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Hanshan

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Hanshan is a legendary figure associated with a collection of poems from the Chinese Tang Dynasty in the Taoist and Chan tradition. No one knows who he was, when he lived and died, or whether he actually existed. In the Chinese Buddhist tradition, Hanshan and his sidekick Shide are honored as emanations of the bodhisattvas Mañjuśrī and Samantabhadra, respectively. In Japanese and Chinese paintings, Hanshan is often depicted together with Shide or with Fenggan, another monk with legendary attributes.

Little is known of his work, since he was a recluse living in a remote region and his poems were written on rocks in the mountains he called home. Of the 600 poems he is thought to have written at some point before his death, 313 were collected and have survived. Among the 57 poems attributed to Hanshan's friend, Shide, seven appear to be authored by Hanshan, for a total of 320.

Citações Hanshan

„I am free of the busy world
There is not a doubt in my heart or a worry to disturb my mind“

—  Hanshan
Context: Today I sat before the cliff Until the mist and rainbows disappeared I followed the emerald stream Explored a thousand tiers of green cliffs In the morning my spirit rests among white clouds At night a bright moon floats in the sky I am free of the busy world There is not a doubt in my heart or a worry to disturb my mind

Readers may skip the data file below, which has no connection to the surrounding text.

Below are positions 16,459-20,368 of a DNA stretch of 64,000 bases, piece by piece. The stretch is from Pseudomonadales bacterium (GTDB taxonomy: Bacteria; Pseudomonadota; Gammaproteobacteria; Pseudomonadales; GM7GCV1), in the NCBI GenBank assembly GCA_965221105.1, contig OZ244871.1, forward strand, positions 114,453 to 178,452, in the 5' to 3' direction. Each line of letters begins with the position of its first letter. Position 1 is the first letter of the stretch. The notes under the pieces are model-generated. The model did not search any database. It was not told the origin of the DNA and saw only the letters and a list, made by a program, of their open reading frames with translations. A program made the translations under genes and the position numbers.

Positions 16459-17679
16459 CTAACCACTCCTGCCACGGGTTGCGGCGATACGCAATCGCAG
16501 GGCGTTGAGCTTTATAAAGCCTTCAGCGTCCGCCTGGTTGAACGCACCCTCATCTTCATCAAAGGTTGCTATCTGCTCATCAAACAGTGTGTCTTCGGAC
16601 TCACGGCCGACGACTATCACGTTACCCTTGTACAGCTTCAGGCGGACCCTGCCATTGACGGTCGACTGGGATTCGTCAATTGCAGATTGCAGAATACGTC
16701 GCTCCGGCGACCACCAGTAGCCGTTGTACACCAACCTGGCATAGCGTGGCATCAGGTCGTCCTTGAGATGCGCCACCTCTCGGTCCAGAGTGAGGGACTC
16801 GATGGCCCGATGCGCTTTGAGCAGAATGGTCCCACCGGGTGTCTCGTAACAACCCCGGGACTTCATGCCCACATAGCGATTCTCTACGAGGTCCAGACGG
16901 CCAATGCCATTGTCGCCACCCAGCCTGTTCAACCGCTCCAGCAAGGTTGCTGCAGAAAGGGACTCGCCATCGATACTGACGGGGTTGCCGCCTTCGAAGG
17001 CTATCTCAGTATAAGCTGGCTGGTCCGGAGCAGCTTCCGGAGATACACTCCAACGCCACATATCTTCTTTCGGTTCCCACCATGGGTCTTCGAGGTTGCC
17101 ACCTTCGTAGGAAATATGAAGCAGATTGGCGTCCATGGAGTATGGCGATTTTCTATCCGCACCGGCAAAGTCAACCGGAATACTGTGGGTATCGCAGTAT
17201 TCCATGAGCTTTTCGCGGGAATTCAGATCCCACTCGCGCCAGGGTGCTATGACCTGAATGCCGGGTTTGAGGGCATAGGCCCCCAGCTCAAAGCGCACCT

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„Worry for others— it does no good in the end.
The great Dao, all amid joy, is reborn.
In a joyous state, ruler and subject accord,
In a joyous home, father and son get along.
If brothers increase their joy, the world will flourish.
If husband and wife have joy, it's worthy of song.
What guest and host can bear a lack of joy?
Both high and low, in joy, lose their woe before long.
Ha ha ha.“

—  Hanshan
Translated by Mary Jacob Note: It is unlikely that this poem, translated by Mary Jacob, is authored by Han-shan. In comparing it with every poem in the corpus it will be found that there is not a close match. Moreover, neither the language nor the content of this poem is that of Han-shan. Most importantly, this poem does not have the appropriate number of lines for a Han-shan poem. Jacob's poem has 9 lines; there is not a single example of a 9 line poem in all of Han-shan's poetry. All of Han-shan's poems are 4, 8, 10 or 14 lines, with a few that have more than 14. Further, Jacob's poem has an odd number of lines; there is not a single example of a poem with an odd number of lines in all of Han-shan's poetry. Finally, the 9th and final line in Jacob's poem has the words “ha ha ha.” Not a single Han-shan poem has those words as a final line. Perhaps someone is having a joke?

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